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Decellularised skeletal muscles allow functional muscle regeneration by promoting host cell migration

Urciuolo, A; Urbani, L; Perin, S; Maghsoudlou, PL; Scottoni, F; Gjinovci, A; Collins-Hooper, H; ... De Coppi, P; + view all (2018) Decellularised skeletal muscles allow functional muscle regeneration by promoting host cell migration. Scientific Reports , 8 , Article 8398. 10.1038/s41598-018-26371-y. Green open access

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Abstract

Pathological conditions affecting skeletal muscle function may lead to irreversible volumetric muscle loss (VML). Therapeutic approaches involving acellular matrices represent an emerging and promising strategy to promote regeneration of skeletal muscle following injury. Here we investigated the ability of three different decellularised skeletal muscle scaffolds to support muscle regeneration in a xenogeneic immune-competent model of VML, in which the EDL muscle was surgically resected. All implanted acellular matrices, used to replace the resected muscles, were able to generate functional artificial muscles by promoting host myogenic cell migration and differentiation, as well as nervous fibres, vascular networks, and satellite cell (SC) homing. However, acellular tissue mainly composed of extracellular matrix (ECM) allowed better myofibre three-dimensional (3D) organization and the restoration of SC pool, when compared to scaffolds which also preserved muscular cytoskeletal structures. Finally, we showed that fibroblasts are indispensable to promote efficient migration and myogenesis by muscle stem cells across the scaffolds in vitro. This data strongly support the use of xenogeneic acellular muscles as device to treat VML conditions in absence of donor cell implementation, as well as in vitro model for studying cell interplay during myogenesis.

Type: Article
Title: Decellularised skeletal muscles allow functional muscle regeneration by promoting host cell migration
Open access status: An open access version is available from UCL Discovery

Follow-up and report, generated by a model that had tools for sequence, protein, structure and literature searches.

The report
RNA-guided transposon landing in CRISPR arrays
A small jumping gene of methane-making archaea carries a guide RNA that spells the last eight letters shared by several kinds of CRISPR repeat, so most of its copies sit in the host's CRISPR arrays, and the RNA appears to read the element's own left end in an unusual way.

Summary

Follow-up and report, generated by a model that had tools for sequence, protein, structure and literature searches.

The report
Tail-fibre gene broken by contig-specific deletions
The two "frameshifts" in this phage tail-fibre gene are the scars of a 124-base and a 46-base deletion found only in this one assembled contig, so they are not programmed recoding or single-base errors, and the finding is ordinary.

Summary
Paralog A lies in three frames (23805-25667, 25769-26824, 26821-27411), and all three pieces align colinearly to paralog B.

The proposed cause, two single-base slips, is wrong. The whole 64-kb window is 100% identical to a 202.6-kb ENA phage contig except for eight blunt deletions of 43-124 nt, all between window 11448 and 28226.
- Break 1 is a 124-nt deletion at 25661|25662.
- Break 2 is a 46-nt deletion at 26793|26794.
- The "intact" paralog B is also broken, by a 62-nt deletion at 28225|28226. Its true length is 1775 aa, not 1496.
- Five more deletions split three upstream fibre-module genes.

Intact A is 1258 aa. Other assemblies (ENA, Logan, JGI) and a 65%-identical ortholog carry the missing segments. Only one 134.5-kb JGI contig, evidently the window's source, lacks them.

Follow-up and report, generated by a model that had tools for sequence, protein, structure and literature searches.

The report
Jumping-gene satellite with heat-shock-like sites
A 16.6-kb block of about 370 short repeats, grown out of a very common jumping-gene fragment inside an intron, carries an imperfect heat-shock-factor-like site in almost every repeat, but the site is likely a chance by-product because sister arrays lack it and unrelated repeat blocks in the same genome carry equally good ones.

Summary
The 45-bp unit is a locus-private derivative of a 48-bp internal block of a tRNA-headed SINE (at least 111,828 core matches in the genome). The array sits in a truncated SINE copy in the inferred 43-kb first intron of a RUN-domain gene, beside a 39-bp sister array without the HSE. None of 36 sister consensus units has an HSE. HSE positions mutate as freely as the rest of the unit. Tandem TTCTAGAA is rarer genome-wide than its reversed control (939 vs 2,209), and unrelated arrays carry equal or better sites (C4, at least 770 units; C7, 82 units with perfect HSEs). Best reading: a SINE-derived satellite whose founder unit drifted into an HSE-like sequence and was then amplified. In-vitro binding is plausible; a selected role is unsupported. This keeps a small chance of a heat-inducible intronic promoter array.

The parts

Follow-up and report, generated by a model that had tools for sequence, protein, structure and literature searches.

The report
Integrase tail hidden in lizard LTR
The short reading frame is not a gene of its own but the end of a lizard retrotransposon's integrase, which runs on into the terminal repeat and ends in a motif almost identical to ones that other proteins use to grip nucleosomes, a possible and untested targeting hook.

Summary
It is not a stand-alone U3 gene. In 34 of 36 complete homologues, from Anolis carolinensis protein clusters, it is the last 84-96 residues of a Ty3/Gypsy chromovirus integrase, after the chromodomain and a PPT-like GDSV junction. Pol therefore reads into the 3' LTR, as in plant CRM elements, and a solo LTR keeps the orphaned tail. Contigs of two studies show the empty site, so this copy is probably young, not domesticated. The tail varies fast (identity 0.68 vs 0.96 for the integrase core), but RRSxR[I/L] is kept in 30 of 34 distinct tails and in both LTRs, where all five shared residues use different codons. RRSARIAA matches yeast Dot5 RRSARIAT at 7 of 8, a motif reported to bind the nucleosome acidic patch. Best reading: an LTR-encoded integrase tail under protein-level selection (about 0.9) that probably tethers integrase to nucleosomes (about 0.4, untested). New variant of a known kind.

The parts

DOI: 10.1038/s41598-018-26371-y
Publisher version: https://doi.org/10.1038/s41598-018-26371-y
Language: English
Additional information: This article is licensed under a Creative Commons Attribution 4.0 International License, which permits use, sharing, adaptation, distribution and reproduction in any medium or format, as long as you give appropriate credit to the original author(s) and the source, provide a link to the Creative Commons license, and indicate if changes were made. The images or other third party material in this article are included in the article’s Creative Commons license, unless indicated otherwise in a credit line to the material. If material is not included in the article’s Creative Commons license and your intended use is not permitted by statutory regulation or exceeds the permitted use, you will need to obtain permission directly from the copyright holder. To view a copy of this license, visit http://creativecommons.org/licenses/by/4.0/.
UCL classification: UCL
UCL > Provost and Vice Provost Offices
UCL > Provost and Vice Provost Offices > School of Life and Medical Sciences
UCL > Provost and Vice Provost Offices > School of Life and Medical Sciences > Faculty of Population Health Sciences
UCL > Provost and Vice Provost Offices > School of Life and Medical Sciences > Faculty of Population Health Sciences > UCL GOS Institute of Child Health
UCL > Provost and Vice Provost Offices > School of Life and Medical Sciences > Faculty of Population Health Sciences > UCL GOS Institute of Child Health > Developmental Biology and Cancer Dept
UCL > Provost and Vice Provost Offices > School of Life and Medical Sciences > Faculty of Population Health Sciences > UCL GOS Institute of Child Health > Developmental Neurosciences Dept
URI: https://discovery.ucl.ac.uk/id/eprint/10046440
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